Accelerating Innovation in Local Government: Three perspectives

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Compares the perspectives of chief executives, frontline employees, and local political leaders on what helps to accelerate innovation in local government. Based on research with English local councils.

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Accelerating Innovation in Local Government: Three perspectives

  1. 1. Accelerating Innovation in Local Government: Three Perspectives Joan Munro
  2. 2. Innovation definition used Innovations are changes to services, products, organisational arrangements or democratic approaches that are both: ›  New to the council [organisation] ›  Deliver additional value for service users & citizens [customers & other stakeholders] The innovation continuum goes from small scale improvements to radical disruptive, game changing, breakthrough changes
  3. 3. Local government examples Vertical pier Contact centres Annual magic festival Residents’ personal computer links New ways of avoiding potholesTele- care Council- owned private company Report rubbish on mobile Inter- agency working Shared services Pay on mobile Community run libraries Community volunteers mentoring unemployed Publish data for open use Elected Youth Council Older peoples’ mutual support ‘circles’ ‘Tell Us Once’ Portable traffic lights Social enterprises Private sector partnerships Dementia friendly cafes App for touristsLocal forums Becoming a bank Child- friendly city Co-operative Council
  4. 4. Research objectives Aims ›  Identify what local government leaders might do to accelerate innovation council-wide ›  Disseminate and promote this learning to local councils ›  Further the research evidence on leadership actions that help to achieve innovation in public services
  5. 5. Research ›  Interviews with 18 chief executives ›  Three discussion groups of chief executives ›  Development and testing of Local Councils’ Innovation Framework with councils ›  19 employee focus groups in six councils ›  Discussion with LGA Improvement & Innovation Board ›  Politicians’ Masterclass on innovation ›  Interviews with ten leading politicians (so far) ›  Planning research with middle managers
  6. 6. Local Councils’ Innovation Framework
  7. 7. CITIZEN & SERVICE USER FOCUS ›  Politicians’ and chief execs’ declared central focus However…. ›  Little in-depth research on service users’ lives & concerns ›  Residents & service users rarely involved in developing innovations ›  Few taking action to unlock community capacity for innovation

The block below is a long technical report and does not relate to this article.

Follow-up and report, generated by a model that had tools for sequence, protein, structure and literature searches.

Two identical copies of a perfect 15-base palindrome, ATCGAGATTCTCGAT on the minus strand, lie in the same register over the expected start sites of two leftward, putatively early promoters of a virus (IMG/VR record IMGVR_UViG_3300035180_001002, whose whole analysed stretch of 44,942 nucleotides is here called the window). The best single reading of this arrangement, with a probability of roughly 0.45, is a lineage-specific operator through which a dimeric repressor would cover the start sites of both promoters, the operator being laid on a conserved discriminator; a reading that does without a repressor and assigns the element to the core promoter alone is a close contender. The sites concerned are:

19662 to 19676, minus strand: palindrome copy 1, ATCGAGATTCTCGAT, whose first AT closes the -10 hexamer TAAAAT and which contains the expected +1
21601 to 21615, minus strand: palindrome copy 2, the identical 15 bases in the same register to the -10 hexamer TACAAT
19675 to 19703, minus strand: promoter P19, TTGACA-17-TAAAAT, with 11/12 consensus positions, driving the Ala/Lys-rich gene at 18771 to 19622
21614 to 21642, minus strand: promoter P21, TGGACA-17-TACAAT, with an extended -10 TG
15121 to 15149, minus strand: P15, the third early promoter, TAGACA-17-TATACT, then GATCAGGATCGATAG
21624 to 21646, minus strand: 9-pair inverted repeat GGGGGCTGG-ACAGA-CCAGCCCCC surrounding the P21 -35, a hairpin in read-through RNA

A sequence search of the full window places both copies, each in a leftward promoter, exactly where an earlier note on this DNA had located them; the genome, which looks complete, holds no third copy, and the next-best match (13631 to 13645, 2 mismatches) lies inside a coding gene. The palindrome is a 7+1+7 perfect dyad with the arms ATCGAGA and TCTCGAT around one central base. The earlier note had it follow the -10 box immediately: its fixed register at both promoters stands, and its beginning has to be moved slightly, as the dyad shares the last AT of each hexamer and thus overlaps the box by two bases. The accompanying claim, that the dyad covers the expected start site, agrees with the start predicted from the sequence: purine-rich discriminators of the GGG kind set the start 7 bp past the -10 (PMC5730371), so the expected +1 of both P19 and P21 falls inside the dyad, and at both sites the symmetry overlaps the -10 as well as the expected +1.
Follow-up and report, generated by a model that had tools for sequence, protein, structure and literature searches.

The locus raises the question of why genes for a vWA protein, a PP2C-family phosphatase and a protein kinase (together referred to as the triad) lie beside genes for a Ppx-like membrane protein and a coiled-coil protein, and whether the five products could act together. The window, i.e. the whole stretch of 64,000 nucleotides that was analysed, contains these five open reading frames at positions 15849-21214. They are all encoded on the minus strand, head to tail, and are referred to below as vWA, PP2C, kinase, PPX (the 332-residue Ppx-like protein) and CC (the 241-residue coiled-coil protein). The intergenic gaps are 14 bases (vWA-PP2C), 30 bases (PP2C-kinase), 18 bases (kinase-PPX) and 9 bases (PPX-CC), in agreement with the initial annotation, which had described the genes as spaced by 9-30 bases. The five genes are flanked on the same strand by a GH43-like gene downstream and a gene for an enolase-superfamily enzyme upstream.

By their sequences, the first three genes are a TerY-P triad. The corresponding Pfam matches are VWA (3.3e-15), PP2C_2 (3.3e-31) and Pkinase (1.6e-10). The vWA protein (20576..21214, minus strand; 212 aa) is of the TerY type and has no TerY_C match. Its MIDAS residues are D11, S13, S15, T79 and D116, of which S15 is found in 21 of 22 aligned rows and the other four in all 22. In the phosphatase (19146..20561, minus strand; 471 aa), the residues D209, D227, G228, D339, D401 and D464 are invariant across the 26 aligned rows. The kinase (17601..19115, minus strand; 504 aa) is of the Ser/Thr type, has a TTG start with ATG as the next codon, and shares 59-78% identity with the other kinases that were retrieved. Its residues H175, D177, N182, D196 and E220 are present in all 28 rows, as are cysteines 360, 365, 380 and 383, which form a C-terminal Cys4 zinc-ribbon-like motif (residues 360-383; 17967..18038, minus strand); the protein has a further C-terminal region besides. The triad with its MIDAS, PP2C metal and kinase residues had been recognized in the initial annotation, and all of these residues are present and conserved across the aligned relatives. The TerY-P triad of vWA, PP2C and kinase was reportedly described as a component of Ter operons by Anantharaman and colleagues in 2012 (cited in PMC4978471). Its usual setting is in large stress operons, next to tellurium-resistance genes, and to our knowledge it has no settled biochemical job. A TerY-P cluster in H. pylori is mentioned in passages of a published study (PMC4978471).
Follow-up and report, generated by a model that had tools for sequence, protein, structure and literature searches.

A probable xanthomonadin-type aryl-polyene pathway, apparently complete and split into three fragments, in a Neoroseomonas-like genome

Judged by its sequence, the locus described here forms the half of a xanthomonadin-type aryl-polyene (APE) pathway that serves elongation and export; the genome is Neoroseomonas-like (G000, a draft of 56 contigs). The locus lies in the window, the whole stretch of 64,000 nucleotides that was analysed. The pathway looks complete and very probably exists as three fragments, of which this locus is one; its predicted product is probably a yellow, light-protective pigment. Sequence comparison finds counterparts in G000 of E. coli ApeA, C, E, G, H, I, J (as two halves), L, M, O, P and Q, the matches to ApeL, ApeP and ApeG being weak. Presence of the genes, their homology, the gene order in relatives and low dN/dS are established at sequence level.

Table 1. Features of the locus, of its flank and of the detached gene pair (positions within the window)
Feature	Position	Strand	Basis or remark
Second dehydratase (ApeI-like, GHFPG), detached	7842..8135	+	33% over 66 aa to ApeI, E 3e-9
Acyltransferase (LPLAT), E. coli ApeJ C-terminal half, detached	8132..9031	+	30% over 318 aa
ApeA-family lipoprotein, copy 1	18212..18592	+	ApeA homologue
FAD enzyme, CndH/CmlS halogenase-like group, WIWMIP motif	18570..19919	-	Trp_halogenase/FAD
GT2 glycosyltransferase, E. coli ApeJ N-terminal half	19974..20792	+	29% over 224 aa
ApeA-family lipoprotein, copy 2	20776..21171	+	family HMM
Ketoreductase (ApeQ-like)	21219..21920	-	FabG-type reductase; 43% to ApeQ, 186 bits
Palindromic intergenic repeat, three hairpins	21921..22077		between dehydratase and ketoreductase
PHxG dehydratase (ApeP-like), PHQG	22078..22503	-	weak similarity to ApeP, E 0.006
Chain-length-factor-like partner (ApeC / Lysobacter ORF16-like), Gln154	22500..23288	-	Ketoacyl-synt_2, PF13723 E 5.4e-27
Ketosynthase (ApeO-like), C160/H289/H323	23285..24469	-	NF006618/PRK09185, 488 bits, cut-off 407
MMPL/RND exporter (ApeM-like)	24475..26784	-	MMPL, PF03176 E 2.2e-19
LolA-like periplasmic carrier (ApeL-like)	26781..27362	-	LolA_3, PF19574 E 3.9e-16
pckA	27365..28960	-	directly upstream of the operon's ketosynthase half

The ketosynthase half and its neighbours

8. 8. POLITICAL VISION & PRIORITIES All agree need to: ›  Look ahead & anticipate issues ›  Have clear, attainable, long term ambitions & objectives ›  Take calculated, essential risks However…. ›  Few clear about the priority areas for future innovations
  9. 9. LEADERSHIP All agree need for: ›  Bold, united, determined top team, focused on achieving innovations ›  Leaders to communicate priorities & reasons for innovation convincingly ›  Leaders to listen to others ›  Persistence However employees stress… ›  Communication should be done personally ›  Middle & frontline managers need to pro-actively encourage innovation
  10. 10. STRATEGIC APPROACH TO INNOVATION All agree: ›  Capacity/time to implement innovations is a major issue Few: ›  Set aside specific resources for innovation ›  Recognise the need for training & expertise in innovation processes ›  Protect innovation processes from organisational norms ›  Right kind of technology expertise
  11. 11. ORGANIZATIONAL CULTURE All agree: ›  Fresh ideas should be encouraged ›  Intelligent failures should be learnt from However… ›  Employees say there is little time for reflection or creative thinking ›  Few recognise the potential benefits of learning from other sectors or abroad
  12. 12. CROSS BOUNDARY WORKING ›  All agree need to work across internal silos & with other councils ›  Politicians & chief execs major focus on external partnership However … ›  Employees feel need more practical actions to build cross-council links ›  Few private sector contracts appear to be delivering innovations
  13. 13. EMPLOYEES All agree need: ›  Motivated, committed employees ›  To encourage employees to contribute ideas However employees say… ›  They need to be genuinely involved in innovation processes from the start ›  Little or poor feedback on their ideas
  14. 14. DELIVERY ›  Most innovative councils have corporate programme & project management approach However… ›  The biggest, most expensive, services appear to be achieving less innovations ›  Few systematically learning from successes & failures
  15. 15. Politicians set the strategic context for innovation Senior & middle managers lead for innovation Frontline managers & employees are engaged in key innovations Effective innovation delivery mechanisms A Strategic Approach to Innovation in Councils
  16. 16. Issues for council leaders Deciding: ›  How and where innovation should sit in the organisation’s overall strategy ›  Whether to use the word ‘innovation’ ›  When and where the conditions are right for more major, radical innovations
  17. 17. Resources ›  Local Councils’ Innovation Framework: http://tinyurl.com/LGIF2014 ›  Framework Self-Assessment tool: http://tinyurl.com/LGISA2014 ›  Summary of latest findings: http://tinyurl.com/LGILF2014 ›  Presentations on innovation: http://www.slideshare.net/joanmunro ©Accelerating Innovation in Local Government Research Project

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